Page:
Is this degree really necessary?

Scott Walker, who did not graduate from college, says he wants to obtain his degree. According to his spokesperson, Walker would like to do so through the University of Wisconsin’s FlexOption once it expands its degree offerings.

Walker attended Marquette University but left in his senior year in 1990 for a job with the American Red Cross. He then launched his political career and never returned to school.

Walker says he regrets not finishing his degree and I don’t doubt his sincerity. But finishing it in anticipation of a 2016 presidential bid strikes me a transparent, unnecessary, and futile attempt to placate elitists. (If Walker isn’t contemplating a 2016 presidential bid, he will have opportunities thereafter to obtain his degree if he really wants one).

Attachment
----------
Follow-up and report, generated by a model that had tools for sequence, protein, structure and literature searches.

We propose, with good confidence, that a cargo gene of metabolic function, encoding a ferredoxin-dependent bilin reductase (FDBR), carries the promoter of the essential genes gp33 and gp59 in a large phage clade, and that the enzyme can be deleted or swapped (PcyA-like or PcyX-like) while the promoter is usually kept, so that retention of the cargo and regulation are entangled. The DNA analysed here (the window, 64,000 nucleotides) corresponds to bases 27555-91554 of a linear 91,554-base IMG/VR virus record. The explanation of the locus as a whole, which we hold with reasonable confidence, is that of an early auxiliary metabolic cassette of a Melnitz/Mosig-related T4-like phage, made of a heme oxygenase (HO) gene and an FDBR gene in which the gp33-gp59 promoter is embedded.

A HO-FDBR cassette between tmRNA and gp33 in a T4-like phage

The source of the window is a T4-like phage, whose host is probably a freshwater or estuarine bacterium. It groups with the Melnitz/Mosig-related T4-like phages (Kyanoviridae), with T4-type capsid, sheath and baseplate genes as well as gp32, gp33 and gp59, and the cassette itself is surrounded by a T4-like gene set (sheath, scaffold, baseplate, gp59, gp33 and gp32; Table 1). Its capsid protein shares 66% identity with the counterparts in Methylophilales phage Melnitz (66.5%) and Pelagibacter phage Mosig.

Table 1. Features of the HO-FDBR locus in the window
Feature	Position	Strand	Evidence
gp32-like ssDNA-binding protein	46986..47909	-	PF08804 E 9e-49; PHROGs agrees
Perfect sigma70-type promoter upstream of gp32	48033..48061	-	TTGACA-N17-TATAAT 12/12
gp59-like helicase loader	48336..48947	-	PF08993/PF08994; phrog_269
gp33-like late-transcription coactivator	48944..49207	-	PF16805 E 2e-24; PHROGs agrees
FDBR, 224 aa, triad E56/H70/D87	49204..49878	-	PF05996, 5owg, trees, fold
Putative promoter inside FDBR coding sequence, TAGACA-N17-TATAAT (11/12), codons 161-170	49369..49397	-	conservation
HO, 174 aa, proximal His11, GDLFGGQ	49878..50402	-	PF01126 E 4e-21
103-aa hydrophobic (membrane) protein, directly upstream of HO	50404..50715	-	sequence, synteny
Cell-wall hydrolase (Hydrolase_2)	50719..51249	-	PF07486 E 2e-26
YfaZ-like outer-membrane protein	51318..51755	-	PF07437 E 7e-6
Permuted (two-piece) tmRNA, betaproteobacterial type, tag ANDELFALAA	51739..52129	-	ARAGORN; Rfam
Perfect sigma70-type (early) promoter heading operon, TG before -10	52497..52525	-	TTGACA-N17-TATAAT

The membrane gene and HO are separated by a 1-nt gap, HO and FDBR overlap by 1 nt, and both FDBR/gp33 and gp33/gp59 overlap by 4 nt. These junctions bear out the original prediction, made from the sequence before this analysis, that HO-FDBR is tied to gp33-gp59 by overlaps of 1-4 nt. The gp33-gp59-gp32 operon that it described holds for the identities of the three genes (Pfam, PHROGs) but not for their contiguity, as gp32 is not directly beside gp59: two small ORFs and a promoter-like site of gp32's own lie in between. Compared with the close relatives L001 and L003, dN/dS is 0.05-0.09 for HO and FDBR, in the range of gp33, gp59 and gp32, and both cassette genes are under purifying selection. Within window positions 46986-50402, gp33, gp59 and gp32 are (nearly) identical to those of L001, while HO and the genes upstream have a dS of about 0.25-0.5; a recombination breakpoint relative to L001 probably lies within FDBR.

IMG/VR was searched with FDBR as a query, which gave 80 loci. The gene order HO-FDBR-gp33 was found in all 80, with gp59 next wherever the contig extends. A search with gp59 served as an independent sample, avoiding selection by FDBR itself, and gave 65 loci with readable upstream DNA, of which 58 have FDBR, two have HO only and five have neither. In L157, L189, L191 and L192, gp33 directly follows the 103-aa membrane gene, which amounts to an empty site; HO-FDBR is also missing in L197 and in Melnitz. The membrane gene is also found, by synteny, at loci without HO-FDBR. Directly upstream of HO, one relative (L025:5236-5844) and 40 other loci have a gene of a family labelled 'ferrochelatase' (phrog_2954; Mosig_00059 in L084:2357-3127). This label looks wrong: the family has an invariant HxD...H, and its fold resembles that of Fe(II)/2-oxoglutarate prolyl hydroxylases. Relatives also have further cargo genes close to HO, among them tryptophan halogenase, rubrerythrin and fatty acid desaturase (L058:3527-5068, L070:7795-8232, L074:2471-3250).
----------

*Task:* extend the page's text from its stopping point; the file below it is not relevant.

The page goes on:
The move would be transparent because of its timing (why, after all these years, does Walker suddenly crave that degree?). It probably would be unnecessary because most Americans are not elitist enough to believe that a highly successful governor lacks the qualifications to be president by virtue of having completed three years of college, not four. And it would be futile because those who are that elitist won’t be impressed if Walker completes college after all these years via correspondence courses.

There are, of course, good reasons to obtain a college degree. Most people obtain one because it increases their prospects of obtaining a good job and advancing thereafter. But Walker hasn’t needed a degree for that purpose.

Attending college also offers learning opportunities, and one can learn more in fours years than in three. But it’s difficult to see how someone of Walker’s age and experience would obtain much educational benefit from a bit of additional college coursework.

I grant that some voters might applaud Walker for completing his degree and a few might become marginally more inclined to vote for him. But others, like me, will be marginally less inclined to vote for Walker if he kowtows to elitist critics by obtaining a degree that he hasn’t needed before and doesn’t really need now.

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